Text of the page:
UN questions legality of Israel’s Gaza offensive, Netanyahu dismisses intl pressure
The legality of Israel’s Operation Protective Edge, which entered its fifth day on Saturday, has been questioned by the UN's humanitarian chief. But Israel's prime minister has said that no international pressure will stop the offensive.
Under international law, Israel must make sure its attacks are proportional, avoid civilian deaths, and identify military versus civilian objects on the ground, UN High Commissioner for Human Rights Navi Pillay said on Friday.
"We have received deeply disturbing reports that many of the civilian casualties, including of children, occurred as a result of strikes on homes. Such reports raise serious doubt about whether the Israeli strikes have been in accordance with international humanitarian law and international human rights law," Pillay said in a statement.
The Palestinian death toll rose to at least 106 people early Saturday, as Israel continued its airstrikes for the fourth consecutive day, according to Gaza’s Health Ministry. At least 75 of those killed are civilians, including 23 children, Reuters quoted medical officials in Gaza as saying.
Meanwhile, there haven’t been any casualties in Israel, with only nine civilians injured, Pillay’s office said, citing media reports. Earlier, Israeli officials reported that two soldiers had been wounded.
Israel says that Operation Protective Edge does not target Gaza civilians. “This is not an operation in any capacity against the people of Gaza. This is an operation against Hamas, against an organization that purposefully and specifically uses the civilian population of Gaza as human shields,” Libi Vice, spokeswoman for the Israel Defense Forces (IFD) told RT on Thursday.
“We made unbounded efforts to protect the civilian population in the Gaza Strip before any attack against Hamas. We take measures that no other military or no other country takes in the world, which include text messages to people in civil areas, phone calls to their homes.”
According to Pillay, airstrikes that target the homes of civilians violate international law unless the homes are used as military bases – a stipulation that Vice says Israel is fully abiding by.
"In case of doubt, buildings ordinarily used for civilian purposes, such as homes, are presumed not to be legitimate military targets. Even where a home is identified as being used for military purposes, any attack must be proportionate, offer a definite military advantage in the prevailing circumstances at the time, and precautions must be taken," Vice said.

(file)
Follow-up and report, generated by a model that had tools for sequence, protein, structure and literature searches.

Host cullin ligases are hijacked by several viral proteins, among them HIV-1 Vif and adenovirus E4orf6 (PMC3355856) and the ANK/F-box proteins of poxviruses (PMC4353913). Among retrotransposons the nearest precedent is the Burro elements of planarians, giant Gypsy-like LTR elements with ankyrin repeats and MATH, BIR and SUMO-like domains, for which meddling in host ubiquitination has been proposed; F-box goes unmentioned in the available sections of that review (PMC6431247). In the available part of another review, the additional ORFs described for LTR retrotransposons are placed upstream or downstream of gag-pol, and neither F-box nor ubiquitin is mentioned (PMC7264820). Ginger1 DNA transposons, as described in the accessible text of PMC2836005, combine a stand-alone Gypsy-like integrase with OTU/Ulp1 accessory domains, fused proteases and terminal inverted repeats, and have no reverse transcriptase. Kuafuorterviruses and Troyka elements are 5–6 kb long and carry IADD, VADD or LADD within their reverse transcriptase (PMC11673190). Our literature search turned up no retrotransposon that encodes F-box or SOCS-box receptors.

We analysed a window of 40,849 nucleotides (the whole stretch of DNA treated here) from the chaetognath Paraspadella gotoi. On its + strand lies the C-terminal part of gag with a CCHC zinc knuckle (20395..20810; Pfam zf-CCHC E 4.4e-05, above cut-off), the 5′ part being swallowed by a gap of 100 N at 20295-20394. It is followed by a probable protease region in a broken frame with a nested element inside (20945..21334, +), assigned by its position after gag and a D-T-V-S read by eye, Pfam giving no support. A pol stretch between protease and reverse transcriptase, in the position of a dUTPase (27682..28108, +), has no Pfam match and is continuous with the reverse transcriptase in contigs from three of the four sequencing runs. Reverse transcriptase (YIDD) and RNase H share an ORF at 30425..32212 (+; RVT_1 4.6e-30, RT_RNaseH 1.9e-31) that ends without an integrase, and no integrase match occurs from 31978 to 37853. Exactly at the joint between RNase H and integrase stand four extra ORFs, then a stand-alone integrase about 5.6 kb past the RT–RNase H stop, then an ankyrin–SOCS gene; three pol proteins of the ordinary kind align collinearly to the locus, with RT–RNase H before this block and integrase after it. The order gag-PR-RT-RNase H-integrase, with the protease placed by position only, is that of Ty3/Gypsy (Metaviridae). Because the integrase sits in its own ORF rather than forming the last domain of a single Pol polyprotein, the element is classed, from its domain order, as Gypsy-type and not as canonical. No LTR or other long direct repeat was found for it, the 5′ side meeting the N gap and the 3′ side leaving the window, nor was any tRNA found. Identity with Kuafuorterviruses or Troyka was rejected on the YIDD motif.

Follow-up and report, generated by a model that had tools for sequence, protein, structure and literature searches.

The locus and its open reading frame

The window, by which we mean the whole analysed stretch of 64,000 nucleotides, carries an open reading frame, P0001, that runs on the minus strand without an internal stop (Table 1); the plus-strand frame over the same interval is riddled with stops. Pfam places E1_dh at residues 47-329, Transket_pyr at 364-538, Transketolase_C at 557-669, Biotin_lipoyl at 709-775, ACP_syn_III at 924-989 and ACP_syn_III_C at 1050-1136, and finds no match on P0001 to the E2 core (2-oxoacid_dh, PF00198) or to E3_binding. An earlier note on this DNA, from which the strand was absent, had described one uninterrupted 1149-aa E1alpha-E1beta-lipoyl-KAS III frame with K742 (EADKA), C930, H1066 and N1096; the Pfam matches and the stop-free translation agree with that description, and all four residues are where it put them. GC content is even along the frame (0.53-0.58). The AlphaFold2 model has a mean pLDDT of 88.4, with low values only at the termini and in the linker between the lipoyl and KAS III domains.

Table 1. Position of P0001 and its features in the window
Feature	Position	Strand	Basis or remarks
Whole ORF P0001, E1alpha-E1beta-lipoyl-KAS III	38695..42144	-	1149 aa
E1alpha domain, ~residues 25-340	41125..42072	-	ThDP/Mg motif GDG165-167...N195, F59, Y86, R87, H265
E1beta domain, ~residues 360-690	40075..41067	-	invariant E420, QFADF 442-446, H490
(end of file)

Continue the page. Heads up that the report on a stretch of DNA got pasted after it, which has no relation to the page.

The spokesman for the UN Office for the Coordination of Humanitarian Affairs (OCHA) described the destruction in Gaza: "More than 340 housing units in Gaza have been severely damaged or completely destroyed. As a result, more than 2,000 people have been displaced.”
Israel defiant in face of international concerns
Israel made clear on Friday that it would not be bowing to international pressure, instead continuing its airstrikes and ignoring US President Barack Obama’s offer to help negotiate a ceasefire.
"No international pressure will prevent us from acting with all power," Israeli Prime Minister Benjamin Netanyahu told reporters in Tel Aviv.
Israel's operation “will continue until we are certain that quiet returns to Israeli citizens,” Netanyahu said. Israel has so far targeted more than 1,000 objects in Gaza and there are "more to go."
Netanyahu also did not rule out a ground attack on Gaza, stating: "We are weighing all possibilities and preparing for all possibilities.”
Israel's military commander, Lieutenant-General Benny Gantz, added that the national army is ready to expand the operation. "We are in the midst of an assault and we are prepared to expand it as much as is required, to wherever is required, with whatever force will be required and for as long as will be required," Gantz told reporters on Friday.
On Thursday, US President Barack Obama told Israeli Prime Minister Benjamin Netanyahu that Washington is willing to negotiate a ceasefire between Israel and Hamas, the White House said.
"The United States remains prepared to facilitate a cessation of hostilities, including a return to the November 2012 ceasefire agreement," said the statement.
Russian President Vladimir Putin urged Netanyahu to end the bloodshed immediately in a telephone conversation on Thursday, expressing concern over civilian casualties. UN chief Ban Ki-moon also called for an immediate ceasefire at an emergency meeting of the Security Council.
French President Francois Hollande has also expressed concern over the worsening crisis in Israel and Gaza, and called for an end to the violence.